Growing strawberries is not hard, but it can be a complicated business, requiring you to rework or renovate the planting bed yearly and constant runner vigilance. Or you can take a more lax approach. It’s not as easy as plopping a plant in the ground and hoping for the best but follow these tips, and you should be enjoying juicy fruits within months.
Prepare the Site
As with any perennial crop, starting with a weed-free site will save you a lot of time and effort down the line. Perennial vegetables will be growing in the same spot for many years, and you only get one chance to start them off right.
Once the weeds are gone, spread a 2 - 3-inch layer of compost on the bed. You can work it into the top layer of soil, but it’s not necessary. Some of the compost will get worked in when you plant, and some will get moved by the earthworms. Strawberries are shallow rooted and need their nutrients near the surface.
Choose the Right Variety
There are 4 basic types of strawberries. June bearing, day neutral, everbearing and the tiny, but delicious, alpine strawberries. If you want to preserve strawberries, June bearing produces the largest crop at one time.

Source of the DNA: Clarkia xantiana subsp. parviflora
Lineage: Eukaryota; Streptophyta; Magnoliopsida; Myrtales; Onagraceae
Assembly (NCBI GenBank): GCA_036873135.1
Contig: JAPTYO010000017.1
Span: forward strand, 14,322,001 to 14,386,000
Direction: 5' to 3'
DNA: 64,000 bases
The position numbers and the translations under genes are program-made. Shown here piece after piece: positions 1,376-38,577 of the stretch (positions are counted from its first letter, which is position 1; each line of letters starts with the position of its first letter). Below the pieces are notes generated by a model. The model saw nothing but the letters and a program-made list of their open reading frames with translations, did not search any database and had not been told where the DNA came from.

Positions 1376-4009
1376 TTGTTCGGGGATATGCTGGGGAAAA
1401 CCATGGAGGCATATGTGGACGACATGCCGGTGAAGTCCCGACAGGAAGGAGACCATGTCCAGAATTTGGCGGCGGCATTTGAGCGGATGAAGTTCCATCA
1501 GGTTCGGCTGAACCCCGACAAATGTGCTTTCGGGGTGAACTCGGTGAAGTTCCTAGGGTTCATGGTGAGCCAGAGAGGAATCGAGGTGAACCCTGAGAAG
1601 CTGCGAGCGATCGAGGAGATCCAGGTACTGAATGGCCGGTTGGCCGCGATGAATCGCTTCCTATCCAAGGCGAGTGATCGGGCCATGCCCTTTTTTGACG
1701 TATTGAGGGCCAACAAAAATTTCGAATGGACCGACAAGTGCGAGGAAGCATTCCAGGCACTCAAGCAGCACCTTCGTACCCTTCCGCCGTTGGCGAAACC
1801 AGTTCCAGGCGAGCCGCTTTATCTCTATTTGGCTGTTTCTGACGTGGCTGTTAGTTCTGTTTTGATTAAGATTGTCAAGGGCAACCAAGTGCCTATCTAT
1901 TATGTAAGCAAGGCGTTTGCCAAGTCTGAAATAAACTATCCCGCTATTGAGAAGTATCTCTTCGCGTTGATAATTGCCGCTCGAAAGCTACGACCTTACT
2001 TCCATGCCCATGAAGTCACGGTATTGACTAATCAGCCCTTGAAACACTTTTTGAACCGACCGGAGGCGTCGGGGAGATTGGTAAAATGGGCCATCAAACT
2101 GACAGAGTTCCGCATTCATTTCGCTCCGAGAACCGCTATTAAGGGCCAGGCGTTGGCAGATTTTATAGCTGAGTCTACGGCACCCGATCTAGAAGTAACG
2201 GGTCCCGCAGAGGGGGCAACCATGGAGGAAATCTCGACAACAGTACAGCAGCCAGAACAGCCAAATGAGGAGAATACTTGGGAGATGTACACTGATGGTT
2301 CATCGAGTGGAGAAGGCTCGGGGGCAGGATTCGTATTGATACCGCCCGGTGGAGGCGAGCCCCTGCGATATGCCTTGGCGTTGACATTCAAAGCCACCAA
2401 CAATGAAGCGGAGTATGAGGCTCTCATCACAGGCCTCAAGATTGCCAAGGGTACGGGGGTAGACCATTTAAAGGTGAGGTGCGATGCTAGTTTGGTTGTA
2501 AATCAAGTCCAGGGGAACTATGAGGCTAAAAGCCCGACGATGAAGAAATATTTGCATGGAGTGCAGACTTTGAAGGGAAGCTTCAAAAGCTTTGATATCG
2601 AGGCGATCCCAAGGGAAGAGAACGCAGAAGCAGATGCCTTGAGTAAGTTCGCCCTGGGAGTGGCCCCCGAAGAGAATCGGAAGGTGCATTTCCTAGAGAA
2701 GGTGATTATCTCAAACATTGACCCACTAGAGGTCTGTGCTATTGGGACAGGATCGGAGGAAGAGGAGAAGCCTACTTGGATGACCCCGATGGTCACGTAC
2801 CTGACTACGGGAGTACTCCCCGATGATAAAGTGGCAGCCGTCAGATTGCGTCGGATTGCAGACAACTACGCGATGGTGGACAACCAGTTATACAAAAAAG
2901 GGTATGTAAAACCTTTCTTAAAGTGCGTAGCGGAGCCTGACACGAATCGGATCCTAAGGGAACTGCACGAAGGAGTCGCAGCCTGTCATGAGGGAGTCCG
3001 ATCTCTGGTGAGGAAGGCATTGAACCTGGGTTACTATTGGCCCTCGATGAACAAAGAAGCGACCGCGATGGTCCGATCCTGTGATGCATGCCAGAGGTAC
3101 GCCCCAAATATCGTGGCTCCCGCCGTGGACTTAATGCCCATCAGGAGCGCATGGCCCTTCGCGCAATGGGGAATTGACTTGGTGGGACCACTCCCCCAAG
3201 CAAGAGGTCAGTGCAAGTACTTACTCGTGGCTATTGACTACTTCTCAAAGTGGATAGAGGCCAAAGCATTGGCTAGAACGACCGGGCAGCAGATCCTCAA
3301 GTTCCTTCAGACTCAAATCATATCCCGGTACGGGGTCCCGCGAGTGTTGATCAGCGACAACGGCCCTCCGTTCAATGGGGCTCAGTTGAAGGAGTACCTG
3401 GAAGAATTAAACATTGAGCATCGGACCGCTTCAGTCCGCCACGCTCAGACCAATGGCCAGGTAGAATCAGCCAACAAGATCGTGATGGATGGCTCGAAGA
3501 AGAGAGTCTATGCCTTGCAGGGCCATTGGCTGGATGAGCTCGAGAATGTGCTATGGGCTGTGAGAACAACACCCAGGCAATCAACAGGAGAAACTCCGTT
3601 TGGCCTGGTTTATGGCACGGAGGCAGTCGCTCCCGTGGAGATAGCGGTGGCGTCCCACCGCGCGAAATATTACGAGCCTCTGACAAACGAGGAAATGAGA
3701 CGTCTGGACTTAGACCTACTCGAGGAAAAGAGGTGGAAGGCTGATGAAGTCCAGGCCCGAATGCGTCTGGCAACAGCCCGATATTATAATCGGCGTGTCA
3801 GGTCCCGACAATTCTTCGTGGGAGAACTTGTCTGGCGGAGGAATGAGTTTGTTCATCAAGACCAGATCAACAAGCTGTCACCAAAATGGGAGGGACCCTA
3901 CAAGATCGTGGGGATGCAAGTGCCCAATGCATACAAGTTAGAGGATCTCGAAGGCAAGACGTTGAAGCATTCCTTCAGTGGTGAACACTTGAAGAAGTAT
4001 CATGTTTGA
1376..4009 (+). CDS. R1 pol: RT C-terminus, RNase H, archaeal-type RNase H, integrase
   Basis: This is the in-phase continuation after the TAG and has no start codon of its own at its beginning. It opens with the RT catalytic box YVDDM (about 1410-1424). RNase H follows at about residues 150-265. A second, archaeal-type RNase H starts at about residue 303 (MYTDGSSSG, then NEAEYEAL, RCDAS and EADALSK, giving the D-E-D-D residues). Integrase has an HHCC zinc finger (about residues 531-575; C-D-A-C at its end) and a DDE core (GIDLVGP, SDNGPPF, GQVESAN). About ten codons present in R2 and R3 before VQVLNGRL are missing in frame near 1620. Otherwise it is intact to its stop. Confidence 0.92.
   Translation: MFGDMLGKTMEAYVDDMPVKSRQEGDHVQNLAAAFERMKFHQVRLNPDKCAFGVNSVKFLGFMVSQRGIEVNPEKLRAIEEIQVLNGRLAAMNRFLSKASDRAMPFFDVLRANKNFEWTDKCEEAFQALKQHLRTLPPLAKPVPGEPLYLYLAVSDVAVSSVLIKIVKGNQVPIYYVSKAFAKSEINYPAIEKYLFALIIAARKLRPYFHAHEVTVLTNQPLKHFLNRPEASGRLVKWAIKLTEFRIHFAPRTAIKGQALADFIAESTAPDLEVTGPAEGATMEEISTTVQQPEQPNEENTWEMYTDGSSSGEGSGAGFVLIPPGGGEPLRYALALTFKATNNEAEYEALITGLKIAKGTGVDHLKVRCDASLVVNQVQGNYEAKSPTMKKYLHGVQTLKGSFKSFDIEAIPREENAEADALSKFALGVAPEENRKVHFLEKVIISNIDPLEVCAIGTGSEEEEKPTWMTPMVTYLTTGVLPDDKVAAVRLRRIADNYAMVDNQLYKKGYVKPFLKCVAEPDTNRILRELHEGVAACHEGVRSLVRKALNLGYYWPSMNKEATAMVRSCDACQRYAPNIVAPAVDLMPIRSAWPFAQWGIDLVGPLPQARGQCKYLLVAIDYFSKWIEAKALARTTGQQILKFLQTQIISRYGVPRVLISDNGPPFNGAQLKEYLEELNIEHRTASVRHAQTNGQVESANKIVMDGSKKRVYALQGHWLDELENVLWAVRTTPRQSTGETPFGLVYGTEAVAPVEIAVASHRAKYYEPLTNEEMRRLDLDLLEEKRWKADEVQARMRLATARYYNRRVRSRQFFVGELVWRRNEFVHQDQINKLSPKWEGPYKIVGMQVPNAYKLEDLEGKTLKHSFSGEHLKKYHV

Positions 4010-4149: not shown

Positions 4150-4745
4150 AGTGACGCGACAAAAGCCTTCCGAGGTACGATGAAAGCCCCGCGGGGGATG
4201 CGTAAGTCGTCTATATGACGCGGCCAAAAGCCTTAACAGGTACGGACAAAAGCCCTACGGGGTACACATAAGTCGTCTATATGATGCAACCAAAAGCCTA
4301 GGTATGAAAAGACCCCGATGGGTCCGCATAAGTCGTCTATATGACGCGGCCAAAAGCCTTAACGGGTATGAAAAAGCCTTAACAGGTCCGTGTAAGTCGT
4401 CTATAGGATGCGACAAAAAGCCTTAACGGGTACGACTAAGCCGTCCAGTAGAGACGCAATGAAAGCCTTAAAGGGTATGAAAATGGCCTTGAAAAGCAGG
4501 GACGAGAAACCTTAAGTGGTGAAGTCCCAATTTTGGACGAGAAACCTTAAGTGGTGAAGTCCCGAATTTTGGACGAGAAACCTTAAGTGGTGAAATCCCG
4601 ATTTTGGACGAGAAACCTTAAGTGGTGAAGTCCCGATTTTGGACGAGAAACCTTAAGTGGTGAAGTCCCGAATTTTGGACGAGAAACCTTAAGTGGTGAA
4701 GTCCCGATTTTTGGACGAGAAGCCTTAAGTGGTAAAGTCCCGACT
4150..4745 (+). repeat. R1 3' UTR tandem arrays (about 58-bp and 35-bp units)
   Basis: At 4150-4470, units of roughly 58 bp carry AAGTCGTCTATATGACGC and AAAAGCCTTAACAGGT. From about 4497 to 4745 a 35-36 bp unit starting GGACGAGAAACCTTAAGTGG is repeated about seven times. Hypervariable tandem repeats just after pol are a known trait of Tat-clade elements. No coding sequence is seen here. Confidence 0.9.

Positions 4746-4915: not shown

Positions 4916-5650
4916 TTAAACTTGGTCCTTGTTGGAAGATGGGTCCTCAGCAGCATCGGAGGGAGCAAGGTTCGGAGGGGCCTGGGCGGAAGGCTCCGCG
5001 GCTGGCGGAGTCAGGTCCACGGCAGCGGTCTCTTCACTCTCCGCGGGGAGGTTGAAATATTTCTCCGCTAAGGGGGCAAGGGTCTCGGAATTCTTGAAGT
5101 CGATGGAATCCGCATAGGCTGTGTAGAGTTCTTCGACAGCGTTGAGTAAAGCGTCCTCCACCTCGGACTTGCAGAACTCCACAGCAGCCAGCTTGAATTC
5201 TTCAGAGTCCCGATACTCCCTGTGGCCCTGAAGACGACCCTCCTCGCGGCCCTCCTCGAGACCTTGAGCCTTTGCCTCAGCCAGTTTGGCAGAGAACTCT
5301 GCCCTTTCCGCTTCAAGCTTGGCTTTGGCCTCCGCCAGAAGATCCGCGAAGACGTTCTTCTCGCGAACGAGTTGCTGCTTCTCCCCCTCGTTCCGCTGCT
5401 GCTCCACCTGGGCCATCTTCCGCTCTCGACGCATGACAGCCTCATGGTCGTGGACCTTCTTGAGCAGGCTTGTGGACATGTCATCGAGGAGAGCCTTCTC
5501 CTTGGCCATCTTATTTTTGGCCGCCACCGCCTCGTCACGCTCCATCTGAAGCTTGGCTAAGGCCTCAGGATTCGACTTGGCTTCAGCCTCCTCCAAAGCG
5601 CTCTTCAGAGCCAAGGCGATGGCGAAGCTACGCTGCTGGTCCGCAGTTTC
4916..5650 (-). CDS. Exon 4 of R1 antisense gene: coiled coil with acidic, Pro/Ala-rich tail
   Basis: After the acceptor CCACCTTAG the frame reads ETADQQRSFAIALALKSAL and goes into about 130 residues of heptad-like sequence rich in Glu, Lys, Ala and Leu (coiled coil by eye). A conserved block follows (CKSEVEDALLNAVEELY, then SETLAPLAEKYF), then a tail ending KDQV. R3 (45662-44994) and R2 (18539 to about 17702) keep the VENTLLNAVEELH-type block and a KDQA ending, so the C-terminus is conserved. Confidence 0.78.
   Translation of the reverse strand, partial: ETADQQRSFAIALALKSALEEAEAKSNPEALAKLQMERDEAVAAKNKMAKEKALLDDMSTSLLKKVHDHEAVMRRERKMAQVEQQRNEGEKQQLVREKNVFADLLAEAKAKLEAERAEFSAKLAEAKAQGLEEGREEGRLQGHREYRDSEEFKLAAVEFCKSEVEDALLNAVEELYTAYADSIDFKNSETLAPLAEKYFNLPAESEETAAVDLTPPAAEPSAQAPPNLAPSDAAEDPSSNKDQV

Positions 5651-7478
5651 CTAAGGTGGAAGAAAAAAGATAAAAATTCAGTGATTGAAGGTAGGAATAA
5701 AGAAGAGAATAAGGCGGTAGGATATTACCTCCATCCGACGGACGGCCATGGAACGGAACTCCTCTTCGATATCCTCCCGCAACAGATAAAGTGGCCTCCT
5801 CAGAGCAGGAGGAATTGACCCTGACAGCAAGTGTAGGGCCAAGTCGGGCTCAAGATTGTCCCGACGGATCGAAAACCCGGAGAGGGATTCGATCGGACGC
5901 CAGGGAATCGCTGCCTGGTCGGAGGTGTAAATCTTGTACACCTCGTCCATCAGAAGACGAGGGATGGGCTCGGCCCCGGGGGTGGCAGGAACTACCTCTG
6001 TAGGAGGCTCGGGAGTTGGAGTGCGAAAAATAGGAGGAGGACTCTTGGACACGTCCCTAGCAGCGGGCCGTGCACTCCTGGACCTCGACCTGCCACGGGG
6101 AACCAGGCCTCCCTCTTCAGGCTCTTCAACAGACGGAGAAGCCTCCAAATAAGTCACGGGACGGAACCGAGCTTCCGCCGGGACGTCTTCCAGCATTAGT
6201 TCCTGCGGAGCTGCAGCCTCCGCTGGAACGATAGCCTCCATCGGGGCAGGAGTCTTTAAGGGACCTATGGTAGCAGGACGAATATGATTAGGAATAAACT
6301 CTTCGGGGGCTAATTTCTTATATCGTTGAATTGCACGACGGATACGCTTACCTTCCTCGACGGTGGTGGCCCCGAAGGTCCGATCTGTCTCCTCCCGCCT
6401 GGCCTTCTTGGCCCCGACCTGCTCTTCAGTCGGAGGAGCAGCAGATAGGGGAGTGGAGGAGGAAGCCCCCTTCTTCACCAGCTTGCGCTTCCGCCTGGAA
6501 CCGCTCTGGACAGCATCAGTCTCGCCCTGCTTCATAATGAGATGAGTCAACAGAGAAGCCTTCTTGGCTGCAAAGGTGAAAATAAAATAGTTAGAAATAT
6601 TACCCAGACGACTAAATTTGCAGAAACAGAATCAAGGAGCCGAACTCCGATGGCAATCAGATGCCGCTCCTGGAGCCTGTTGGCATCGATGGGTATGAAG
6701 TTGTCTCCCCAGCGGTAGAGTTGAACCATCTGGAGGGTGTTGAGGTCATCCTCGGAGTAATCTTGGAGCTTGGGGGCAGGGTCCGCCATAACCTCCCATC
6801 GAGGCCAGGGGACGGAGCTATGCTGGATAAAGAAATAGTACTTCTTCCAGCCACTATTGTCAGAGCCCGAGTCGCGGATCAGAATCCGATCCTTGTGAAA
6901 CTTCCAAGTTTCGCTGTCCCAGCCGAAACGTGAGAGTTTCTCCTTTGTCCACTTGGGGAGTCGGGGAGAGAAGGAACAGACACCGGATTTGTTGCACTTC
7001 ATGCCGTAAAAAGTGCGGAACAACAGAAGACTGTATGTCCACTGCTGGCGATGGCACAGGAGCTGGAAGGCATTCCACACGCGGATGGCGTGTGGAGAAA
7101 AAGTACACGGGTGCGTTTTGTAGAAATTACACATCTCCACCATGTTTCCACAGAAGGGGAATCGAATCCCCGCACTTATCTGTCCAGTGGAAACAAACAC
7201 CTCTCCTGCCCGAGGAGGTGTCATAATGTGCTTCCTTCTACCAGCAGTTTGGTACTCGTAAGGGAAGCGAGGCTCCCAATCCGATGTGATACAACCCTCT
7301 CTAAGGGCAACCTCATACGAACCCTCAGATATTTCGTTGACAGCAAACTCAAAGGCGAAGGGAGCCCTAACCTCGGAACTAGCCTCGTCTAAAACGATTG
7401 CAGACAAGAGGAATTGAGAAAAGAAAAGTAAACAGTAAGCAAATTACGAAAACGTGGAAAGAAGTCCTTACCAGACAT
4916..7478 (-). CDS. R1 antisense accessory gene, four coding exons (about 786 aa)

If you want to enjoy your strawberries for a longer stretch than just June, choose day-neutral or everbearing. Day-neutral berries produce a small crop throughout the season. Everbearing aren’t everbearing; they produce 2 - 3 harvests per season, which are a little smaller in yield than what you would get from June bearing strawberries.
Ideally, plant some of both June bearing and day neutral, and you’ll have the best of both worlds.
Look for Varieties Resistant to Disease
Strawberries are susceptible to a handful of fungal diseases, including verticillium wilt, botrytis (fruit rot) and red stele (root rot): Ask your local cooperative extension or a good nursery which, if any, are prevalent in your area and choose resistant strawberry varieties. It’s not a guarantee your plants won't be affected, but it will give your strawberry bed a better chance than without the resistance.